.....Advertisement.....
.....Advertisement.....

Volunteer advocates child safety

-A A +A
By Gayle Deaton

It's hard to imagine anything more devastating than losing a child.

That's why Tammy Morrison, a mother of two, decided to volunteer her time to promote child safety issues.

Morrison, a Finchville resident, is a board member of The Child Connection (TCC), a non-profit agency founded in 1992 that provides public awareness for child safety, as well as services for missing and exploited children and search and recovery.

Before becoming a board member, she worked as an advocate for the group. Her day job is working as a supervisor in Flight Ops Compliance for UPS. She said she first heard of TCC in 2004 while serving on the UPS Allocation Grant Committee.

"They (TCC) made such a lasting impression on me that I knew that I had to help any way that I could," Morrison said. "Maybe it's the innate nature of being a parent myself that I feel that every child is worth saving."

She said it also concerned her that she seemed to be hearing about child abductions more and more in the news.

Current statistics indicate a child goes missing every 40 seconds in the U.S. That's more than 2,100 per day or more than 800,000 children reported missing each year.

Morrison said realizing this made her aware that there's a strong need in the community for continual educational awareness to prevent future child abductions.

"For me it was a gut feeling," she said. "Have you ever felt so compelled to do something that you just knew it was right? I did."

Although Morrison works full-time, is married and has two children, ages 10 and 2, she finds the time to volunteer because it is important to her.

"My time is very precious so I feel that I have to make the most of every minute," she said. "What's really great is that I have a very understanding family that supports my efforts in wanting to make a difference. They understand my passion."

She said she also encourages others to volunteer.

"I believe that everyone should feel like they have a purpose and meaning to their life," Morrison said. "You may not always feel that you have achieved that through your work-life, or even sometimes with your home-life. By volunteering, it allows you the opportunity for purpose by making a difference in others' lives."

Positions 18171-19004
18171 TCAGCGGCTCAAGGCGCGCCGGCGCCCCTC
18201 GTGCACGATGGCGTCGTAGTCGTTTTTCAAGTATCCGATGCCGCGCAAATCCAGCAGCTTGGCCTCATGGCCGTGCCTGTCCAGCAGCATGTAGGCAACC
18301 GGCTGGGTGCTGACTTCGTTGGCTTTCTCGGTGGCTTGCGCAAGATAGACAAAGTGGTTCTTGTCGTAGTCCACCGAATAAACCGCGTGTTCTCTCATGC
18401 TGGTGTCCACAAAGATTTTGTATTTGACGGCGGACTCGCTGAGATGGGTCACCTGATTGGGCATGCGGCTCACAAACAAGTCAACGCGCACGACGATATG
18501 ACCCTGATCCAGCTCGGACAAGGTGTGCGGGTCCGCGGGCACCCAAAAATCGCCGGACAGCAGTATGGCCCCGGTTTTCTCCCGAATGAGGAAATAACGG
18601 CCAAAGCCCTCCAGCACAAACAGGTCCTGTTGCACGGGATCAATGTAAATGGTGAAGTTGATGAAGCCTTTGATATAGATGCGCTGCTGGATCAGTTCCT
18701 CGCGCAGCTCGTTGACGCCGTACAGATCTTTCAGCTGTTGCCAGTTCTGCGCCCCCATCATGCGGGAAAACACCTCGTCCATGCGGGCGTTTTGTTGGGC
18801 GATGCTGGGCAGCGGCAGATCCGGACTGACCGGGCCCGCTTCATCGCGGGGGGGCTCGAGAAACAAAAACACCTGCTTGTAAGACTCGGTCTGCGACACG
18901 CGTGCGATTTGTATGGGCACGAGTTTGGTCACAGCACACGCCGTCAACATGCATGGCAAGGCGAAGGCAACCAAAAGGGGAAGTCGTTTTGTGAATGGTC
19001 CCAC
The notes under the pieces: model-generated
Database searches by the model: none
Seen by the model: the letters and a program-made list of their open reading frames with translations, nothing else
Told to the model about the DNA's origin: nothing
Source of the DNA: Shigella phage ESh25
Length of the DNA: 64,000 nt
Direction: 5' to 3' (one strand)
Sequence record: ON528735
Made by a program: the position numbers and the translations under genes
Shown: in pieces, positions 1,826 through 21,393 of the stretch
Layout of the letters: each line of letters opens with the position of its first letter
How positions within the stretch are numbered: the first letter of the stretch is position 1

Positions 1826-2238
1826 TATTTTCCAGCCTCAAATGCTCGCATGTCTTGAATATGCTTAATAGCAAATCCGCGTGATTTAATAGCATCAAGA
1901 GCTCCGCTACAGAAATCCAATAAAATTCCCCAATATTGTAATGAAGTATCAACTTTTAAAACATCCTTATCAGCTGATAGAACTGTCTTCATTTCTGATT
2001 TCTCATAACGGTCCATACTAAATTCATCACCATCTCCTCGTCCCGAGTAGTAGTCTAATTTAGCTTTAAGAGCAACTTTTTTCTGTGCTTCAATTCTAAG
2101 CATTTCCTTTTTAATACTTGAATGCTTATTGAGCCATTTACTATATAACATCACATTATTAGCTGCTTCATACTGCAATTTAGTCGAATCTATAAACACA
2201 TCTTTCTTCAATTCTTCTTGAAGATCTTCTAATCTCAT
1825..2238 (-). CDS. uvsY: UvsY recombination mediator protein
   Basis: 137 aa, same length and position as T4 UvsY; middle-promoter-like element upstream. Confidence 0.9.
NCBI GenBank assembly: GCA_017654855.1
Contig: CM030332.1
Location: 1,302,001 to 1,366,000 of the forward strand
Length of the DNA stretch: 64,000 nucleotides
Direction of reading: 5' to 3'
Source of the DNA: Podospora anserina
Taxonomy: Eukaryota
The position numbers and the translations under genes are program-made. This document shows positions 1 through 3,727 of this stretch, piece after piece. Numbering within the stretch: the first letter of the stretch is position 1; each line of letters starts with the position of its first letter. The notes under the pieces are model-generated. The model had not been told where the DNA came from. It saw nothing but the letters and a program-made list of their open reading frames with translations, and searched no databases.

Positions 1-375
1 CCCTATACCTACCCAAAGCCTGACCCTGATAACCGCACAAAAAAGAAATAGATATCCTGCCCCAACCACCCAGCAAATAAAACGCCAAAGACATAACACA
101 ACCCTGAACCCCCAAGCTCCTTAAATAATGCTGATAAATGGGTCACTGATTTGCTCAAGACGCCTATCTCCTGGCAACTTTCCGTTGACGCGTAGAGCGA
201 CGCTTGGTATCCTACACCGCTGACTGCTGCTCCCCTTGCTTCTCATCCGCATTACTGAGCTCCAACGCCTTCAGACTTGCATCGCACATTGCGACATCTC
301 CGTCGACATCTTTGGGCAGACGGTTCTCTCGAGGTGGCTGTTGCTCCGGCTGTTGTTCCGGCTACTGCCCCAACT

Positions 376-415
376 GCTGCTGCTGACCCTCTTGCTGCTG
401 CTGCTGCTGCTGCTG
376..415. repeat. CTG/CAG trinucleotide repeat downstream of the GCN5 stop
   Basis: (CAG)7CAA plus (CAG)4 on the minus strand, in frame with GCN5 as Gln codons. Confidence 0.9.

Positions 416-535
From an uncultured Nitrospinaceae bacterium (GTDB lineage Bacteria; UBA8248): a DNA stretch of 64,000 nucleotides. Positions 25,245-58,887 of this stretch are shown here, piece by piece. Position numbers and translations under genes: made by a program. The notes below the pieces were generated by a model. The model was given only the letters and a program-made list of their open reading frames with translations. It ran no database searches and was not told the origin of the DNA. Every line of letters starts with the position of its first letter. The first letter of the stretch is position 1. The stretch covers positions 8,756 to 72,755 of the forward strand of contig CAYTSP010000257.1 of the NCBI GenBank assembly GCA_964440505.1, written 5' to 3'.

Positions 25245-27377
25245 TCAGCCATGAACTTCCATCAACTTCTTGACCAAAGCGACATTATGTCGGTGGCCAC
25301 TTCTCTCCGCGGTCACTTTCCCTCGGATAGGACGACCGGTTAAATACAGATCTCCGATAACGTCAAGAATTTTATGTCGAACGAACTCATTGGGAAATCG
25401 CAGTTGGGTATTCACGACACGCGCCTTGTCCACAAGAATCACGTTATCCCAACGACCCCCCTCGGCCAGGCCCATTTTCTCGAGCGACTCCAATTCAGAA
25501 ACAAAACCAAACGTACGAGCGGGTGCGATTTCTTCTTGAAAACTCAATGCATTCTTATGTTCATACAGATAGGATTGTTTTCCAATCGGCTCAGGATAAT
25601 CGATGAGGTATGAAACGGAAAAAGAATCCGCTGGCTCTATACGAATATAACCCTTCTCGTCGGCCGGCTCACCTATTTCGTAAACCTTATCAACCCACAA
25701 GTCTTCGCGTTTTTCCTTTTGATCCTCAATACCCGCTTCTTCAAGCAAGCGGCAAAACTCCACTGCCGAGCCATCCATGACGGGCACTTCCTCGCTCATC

She currently serves as one of nine TCC board members who work to secure grants for the continuation of the Stranger Safety Program, a program available to Kentucky and Indiana schools at no charge.

The group has already educated more than 1,166,000 children.

Here are some of the safety tips they use in their program:

Yell, kick and scream. This may seem obvious but many children freeze when grabbed by strangers. Kidnappers want children to go along quietly so yell "this person is a stranger." Kick the kidnapper in the groin, knee or foot. Scream.

Make sure your child knows his or her area code and phone number but teach them not to give that information to strangers.

Have your child use a buddy system and to watch out for one another.

Maintain current photos and records on your child. Have fingerprints taken by local law enforcement agencies.

Teach your child not to fall for predator lures such as "Can you help me find my lost puppy?" or "I'll give you $10 if you help me carry something to my car," or "Do you want to see some cute kittens in my car?" Remind your children that adults they don't know should never ask children to help or to do things for them. Teach them to ignore any such requests, avoid any conversation with the adult and run to a safe place or parent.

Develop a family code word so your children know if a stranger approaches them and says "Your mom and dad have been in a car wreck -- you need to come with me now," your child can ask for the code word. They should be told if the stranger doesn't know the code word, then they should run away from that person to whoever is responsible for them such as a teacher or babysitter and explain what just happened.

Always have a separation plan if you take your child to an amusement park, mall or vacation spot so they know where to meet you if they should get separated or lost from you.

Make sure your child knows not to deviate from a specified route to or from school such as cutting through an alley or out-of-view area.

Make sure your child's school knows to notify you if your child fails to show up for school.

Keep good communication lines open with your child.

Organize a block watch and participate in a safe home program.

Make a mental note of what your child wears everyday and do not put their name on the outside of clothing because it could allow a perpetrator to become verbally intimate with your child.

Remind your child to never accept candy or gifts from a stranger.